The continued use of hazardous chemicals such as these, not just in clothes but also in children’s toys and other products, will inevitably lead to increased levels being released into the environment either at the site of production or from various other sources. This can include domestic washing machines or even from some products into the air. Given the scale of manufacture in the textile industry, the use of these chemicals, even at low levels, can lead to considerable amounts ending up in our environment, increasing children’s exposure to these hazardous substances and heightening the potential health risks they pose.
Compared to adults, children can be more sensitive to some effects of certain hazardous chemicals. Some chemicals have the ability to interfere with children’s normal hormone functions and affect the development of the reproductive system, immune system or nervous system.
The bigger picture
The findings at Zhili and Shishi are just a snapshot of a much larger problem within China’s textile industry. In China today there is no adequate regulation to strictly oversee the use of hazardous substances used at the hundreds of production sites such as Shishi. This chemical management regulation is critical to ensuring that hazardous chemicals are no longer used to manufacture clothing and other textiles for children or adults.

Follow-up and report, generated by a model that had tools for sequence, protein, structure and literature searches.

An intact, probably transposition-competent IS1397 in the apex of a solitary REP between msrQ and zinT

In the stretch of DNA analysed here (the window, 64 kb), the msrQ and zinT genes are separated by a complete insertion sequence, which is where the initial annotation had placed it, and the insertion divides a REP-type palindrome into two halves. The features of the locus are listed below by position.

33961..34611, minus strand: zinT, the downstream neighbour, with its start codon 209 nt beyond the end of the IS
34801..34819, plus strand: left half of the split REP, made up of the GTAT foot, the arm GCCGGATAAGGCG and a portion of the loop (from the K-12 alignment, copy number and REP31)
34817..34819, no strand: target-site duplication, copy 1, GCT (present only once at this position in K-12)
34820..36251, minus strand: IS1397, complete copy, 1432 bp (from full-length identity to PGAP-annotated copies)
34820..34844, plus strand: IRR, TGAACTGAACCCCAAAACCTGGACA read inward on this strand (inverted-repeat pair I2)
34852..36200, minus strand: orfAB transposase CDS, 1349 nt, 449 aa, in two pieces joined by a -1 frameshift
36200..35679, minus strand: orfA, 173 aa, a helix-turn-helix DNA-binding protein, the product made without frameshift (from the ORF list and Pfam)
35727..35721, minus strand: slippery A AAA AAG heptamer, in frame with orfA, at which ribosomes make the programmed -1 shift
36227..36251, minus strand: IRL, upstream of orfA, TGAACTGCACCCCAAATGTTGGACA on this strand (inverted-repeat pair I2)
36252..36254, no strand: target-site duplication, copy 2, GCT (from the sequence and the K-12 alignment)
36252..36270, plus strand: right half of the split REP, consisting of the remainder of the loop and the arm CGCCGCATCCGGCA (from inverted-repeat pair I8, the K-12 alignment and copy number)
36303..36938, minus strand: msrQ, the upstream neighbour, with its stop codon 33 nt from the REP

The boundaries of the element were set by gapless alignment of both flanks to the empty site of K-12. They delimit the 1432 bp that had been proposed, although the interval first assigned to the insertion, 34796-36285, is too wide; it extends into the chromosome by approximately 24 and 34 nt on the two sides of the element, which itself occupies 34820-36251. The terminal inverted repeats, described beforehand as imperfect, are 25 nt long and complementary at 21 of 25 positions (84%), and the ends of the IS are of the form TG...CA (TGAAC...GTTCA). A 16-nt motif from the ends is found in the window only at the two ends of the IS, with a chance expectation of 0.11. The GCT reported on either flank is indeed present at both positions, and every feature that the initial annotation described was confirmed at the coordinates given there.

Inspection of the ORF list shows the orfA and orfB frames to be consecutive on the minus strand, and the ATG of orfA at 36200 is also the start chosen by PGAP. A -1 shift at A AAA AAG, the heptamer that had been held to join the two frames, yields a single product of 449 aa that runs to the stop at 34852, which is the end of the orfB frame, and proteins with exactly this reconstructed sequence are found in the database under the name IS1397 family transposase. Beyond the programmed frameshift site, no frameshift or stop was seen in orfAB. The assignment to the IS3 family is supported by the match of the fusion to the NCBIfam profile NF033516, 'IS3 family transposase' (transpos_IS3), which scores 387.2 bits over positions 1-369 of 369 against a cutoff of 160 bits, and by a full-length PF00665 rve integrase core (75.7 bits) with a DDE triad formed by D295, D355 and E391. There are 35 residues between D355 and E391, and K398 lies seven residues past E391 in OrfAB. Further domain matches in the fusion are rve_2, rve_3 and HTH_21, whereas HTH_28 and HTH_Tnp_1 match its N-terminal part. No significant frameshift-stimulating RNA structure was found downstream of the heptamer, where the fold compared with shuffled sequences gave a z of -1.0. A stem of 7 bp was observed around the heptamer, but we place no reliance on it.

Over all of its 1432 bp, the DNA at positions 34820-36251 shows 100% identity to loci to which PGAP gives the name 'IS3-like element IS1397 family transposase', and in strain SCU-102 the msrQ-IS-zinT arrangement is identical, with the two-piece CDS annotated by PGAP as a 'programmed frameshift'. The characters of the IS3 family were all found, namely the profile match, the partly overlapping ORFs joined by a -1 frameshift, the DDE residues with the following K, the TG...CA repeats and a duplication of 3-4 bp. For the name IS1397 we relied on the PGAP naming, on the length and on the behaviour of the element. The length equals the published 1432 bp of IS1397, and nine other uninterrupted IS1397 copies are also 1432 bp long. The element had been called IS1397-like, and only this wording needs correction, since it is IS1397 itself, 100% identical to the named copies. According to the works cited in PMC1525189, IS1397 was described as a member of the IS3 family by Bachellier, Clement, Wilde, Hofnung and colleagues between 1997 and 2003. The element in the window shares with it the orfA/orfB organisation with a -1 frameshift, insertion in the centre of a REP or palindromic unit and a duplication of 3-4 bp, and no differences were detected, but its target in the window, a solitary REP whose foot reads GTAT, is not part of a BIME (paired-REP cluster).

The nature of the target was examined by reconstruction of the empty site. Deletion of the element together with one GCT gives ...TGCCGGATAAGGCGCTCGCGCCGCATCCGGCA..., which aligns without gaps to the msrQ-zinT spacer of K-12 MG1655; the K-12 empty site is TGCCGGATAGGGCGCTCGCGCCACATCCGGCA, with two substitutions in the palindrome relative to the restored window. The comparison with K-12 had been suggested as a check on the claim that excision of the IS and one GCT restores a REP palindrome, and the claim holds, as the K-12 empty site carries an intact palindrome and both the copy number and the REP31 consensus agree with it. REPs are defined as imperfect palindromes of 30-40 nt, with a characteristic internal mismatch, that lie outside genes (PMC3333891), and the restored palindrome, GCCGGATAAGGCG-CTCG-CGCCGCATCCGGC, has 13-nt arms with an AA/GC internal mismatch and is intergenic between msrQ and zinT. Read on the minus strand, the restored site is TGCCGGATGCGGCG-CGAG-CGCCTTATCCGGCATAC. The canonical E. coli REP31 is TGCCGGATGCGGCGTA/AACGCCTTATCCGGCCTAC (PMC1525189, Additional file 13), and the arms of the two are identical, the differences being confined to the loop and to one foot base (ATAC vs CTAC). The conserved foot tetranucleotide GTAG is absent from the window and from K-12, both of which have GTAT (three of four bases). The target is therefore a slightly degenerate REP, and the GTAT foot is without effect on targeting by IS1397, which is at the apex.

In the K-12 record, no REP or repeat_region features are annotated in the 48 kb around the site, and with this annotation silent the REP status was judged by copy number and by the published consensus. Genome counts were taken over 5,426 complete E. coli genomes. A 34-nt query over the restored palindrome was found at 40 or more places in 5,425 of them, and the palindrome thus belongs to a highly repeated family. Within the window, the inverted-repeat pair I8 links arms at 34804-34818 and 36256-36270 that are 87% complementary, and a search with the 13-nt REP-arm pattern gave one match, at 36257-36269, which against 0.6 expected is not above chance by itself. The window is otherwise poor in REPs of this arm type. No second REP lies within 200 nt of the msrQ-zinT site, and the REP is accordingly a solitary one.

Greenpeace is calling on the Chinese government to enforce a crucial new piece of policy that requires factories that use and discharge hazardous chemicals to register and disclose to the public the release and transfer information of hazardous chemicals. In some places like Mexico and Taiwan crucial first steps are being taken towards critical chemical regulation and showing that it can and should be done.
A global problem with a global solution
Government regulation has a key role to play but the textile industry also needs to act with urgency. Greenpeace’s global Detox campaign is calling on major brands to take action now towards this shared goal of a toxic-free future. Thanks to global people power well-known brands like Zara and Mango are already taking landmark steps towards supply chain transparency – ensuring factories reveal discharge information publicly – and towards elimination of all hazardous chemicals.
However, there is still more work to do. Following on from its report on Chinese textiles, Greenpeace East Asia’s most recent study revealed a range of potentially hazardous chemicals in children’s clothes made by leading international clothing brands such as Burberry, Disney and Adidas. While their competitors take credible steps to come clean these brands continue to lag behind.
Parents, activists, bloggers or fashion fans around the world have the power to convince major brands to listen to our demands and Detox our future. Join us:
Tell big brands like Disney and Adidas to Detox their supply chains now: